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It is not just us who believe that music therapy can play a vital part in addressing the needs of children and adults who remain at risk within Romania’s care system and vulnerable in other countries:

Imelda Staunton OBE, Actress

"When you stop and think about it, everyone’s life has a soundtrack to it.  I grew up with a mother who was a fiddle player and music has played an active part in shaping my emotional experiences throughout my life.  From those early memories of a house full of musicians, joining in with my own enthusiastic spoons playing, through singing to my daughter and, right now, the songs from Sweeney Todd, there’s been music every step of the way.

"Music as Therapy International works with children and adults who truly benefit from the way in which music makes sense of the emotions they feel.  Some are processing trauma, living in the midst of confusing conflict, facing mental health challenges or have disabilities which make it difficult to recognise what they feel and why it makes them feel the way it does.  Music offers them a lifeline, a lifeline which Music as Therapy International trains local workers to keep available to the children and adults in their care long-term.

"I am proud to support the important work of Music as Therapy International and to have the chance to raise awareness of this exciting charity in their Radio 4 Charity Appeal."

Shlomo, Human Beatboxer and Southbank Artist in Residence

"I've always been obsessed with music - it's so instantly inspirational - and I've never been able to ignore that it's a powerful way to bring people together. Especially beatboxing because you are only using your voice, and everybody has a voice.  I also love the power of improvisation, when you can change your music in response to everyone around you.  Music is something anybody can appreciate, enjoy and contribute to. 

"Whether you're inspired by the skill and discipline that has gone into a performance, or in the company of a music therapist who finds and improvises 'your' music, the experience is a motivating and empowering one.  It makes you feel that you could have a go too.  Music as Therapy International are showing this to people all around the world - I love that they share my belief in the power of music as a tool to bring people together."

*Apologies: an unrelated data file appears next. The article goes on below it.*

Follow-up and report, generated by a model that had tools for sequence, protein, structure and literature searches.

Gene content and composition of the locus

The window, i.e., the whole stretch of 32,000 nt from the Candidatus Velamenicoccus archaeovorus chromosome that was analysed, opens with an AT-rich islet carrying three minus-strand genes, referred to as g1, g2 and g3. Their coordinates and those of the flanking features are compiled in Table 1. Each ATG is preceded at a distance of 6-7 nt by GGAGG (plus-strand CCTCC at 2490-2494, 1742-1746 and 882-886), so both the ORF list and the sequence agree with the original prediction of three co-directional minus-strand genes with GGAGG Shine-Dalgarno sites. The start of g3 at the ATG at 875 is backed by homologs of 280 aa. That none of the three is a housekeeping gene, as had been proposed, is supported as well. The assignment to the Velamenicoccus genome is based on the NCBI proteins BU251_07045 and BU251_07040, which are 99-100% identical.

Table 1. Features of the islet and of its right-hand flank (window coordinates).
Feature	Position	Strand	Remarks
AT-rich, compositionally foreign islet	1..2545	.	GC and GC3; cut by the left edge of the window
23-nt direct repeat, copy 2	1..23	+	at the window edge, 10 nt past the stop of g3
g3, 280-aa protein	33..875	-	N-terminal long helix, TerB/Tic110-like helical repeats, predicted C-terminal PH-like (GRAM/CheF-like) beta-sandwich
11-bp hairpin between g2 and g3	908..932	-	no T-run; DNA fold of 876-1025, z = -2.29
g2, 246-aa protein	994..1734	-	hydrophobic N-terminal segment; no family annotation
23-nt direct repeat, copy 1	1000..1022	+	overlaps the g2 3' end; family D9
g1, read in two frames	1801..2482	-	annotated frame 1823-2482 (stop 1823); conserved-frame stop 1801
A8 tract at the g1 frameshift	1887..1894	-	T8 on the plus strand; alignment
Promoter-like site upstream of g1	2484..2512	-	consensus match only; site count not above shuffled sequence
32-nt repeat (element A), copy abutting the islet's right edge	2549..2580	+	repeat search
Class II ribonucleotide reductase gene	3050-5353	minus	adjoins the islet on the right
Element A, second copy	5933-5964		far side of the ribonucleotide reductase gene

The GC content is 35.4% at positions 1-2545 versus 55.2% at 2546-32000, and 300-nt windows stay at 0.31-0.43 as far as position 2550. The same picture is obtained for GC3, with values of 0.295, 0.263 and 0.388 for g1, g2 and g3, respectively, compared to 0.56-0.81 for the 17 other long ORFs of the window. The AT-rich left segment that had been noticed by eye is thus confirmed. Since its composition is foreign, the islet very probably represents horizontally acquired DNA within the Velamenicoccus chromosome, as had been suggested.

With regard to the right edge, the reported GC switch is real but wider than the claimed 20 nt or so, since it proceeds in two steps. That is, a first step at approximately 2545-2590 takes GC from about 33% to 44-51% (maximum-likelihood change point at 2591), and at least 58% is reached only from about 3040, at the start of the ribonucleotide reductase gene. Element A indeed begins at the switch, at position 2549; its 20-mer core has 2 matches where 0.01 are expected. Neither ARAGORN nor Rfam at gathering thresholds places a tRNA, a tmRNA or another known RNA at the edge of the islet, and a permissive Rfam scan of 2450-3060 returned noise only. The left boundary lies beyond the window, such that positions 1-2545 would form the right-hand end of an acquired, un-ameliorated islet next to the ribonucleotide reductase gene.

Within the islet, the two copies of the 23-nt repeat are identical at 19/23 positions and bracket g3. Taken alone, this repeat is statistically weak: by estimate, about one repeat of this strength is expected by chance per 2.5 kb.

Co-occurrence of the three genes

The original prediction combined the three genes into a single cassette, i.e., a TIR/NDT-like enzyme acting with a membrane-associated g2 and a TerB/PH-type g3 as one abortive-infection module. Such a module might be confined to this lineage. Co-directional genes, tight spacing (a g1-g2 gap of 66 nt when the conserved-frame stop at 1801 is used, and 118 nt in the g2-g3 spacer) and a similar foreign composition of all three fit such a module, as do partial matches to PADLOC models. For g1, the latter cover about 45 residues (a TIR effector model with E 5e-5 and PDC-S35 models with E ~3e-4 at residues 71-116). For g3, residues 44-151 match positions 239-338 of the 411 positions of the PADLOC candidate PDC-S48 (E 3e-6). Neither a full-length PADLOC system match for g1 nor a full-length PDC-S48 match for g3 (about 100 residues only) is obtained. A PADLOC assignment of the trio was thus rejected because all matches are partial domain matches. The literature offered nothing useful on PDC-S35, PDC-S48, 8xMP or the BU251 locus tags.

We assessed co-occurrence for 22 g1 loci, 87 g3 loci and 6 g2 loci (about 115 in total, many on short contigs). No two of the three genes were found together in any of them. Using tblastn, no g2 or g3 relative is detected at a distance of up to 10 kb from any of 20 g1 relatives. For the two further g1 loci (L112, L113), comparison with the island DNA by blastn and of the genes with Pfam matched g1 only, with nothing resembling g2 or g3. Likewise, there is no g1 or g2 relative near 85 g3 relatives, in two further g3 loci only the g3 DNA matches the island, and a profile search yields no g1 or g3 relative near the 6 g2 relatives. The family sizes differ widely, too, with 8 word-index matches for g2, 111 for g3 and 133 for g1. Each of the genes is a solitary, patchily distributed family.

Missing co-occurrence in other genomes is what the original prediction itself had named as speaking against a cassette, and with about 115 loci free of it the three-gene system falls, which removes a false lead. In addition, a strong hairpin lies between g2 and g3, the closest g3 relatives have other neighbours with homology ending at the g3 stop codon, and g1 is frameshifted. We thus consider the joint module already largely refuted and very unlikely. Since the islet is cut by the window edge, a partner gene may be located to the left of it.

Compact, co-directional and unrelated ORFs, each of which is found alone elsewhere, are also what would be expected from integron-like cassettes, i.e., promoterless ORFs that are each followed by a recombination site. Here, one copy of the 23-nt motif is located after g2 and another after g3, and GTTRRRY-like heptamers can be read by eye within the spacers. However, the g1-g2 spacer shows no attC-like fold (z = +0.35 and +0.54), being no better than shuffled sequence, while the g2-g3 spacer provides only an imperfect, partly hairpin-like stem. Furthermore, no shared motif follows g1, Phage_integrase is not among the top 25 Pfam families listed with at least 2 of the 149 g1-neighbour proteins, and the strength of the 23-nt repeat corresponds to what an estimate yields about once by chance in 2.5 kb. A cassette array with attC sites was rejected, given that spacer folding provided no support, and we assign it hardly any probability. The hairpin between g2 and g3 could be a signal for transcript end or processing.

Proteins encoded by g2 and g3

Jo Whiley, BBC Radio 2 DJ

“Just because someone can't find the words, doesn't mean they don't have the feelings. If someone cannot speak, it doesn't mean they don't have something to say. When someone has a disability, it doesn't mean they don't have abilities too. Music therapy gives people with special needs the chance to make the most of their potential through creative music-making.

"I bring music into people's lives via the radio and I've experienced the power of music for people with learning disabilities firsthand through my sister, Frances. It's been an absolute lifeline for her and has given her such joy over the years. Where she might struggle interacting with people, music has been there providing common ground. She's made so many friends through a shared love of music and been able to express herself through the music she listens to and makes.

Music as Therapy has spent the past ten years taking music therapy to people living in places where it wouldn't otherwise be available through skill-sharing projects. For those of us who have easy access to music every day, in whatever form we favour, it’s hard to describe what it adds to our lives.  Music as Therapy doesn’t just add to lives, it changes lives."

Tony Hawks, Comedian, Author and Broadcaster

“For a small charity, Music as Therapy manages to improve the quality of life for a hell of a lot of children and adults in Romania.  From my own experience of the country, it's not the easiest place to live and work, but it is cheap.  This means that even the smallest donation goes a long way and Music as Therapy certainly seems to do impressive things on a tight budget.”

Association of Professional Music Therapists, now British Association for Music Therapy (UK)

“The application of music to help people who are, for example, disabled, mentally ill or institutionalised is clearly developing fast in Romania with the support of Music as Therapy.  All this work is vitally important - not least for the clients who receive therapy. UK music therapy has benefited too, as the projects have provided opportunities for UK therapists to broaden their skills and for prospective UK music therapy students to gain valuable experience to take into their training.”

Gabriela Coman, Former Romanian Secretary of State

“I assure you of the fact that the problem related to the training of staff working in the child care system, especially of those who work directly with children and can influence their quality of life, is a real priority for us. I understand that you will return in Romania in autumn of this year and that you wish to have a discussion about the possibility of training the staff at their place of work and about the role of Music as Therapy in taking care of children with disabilities. I am convinced that this meeting will be useful for both sides…”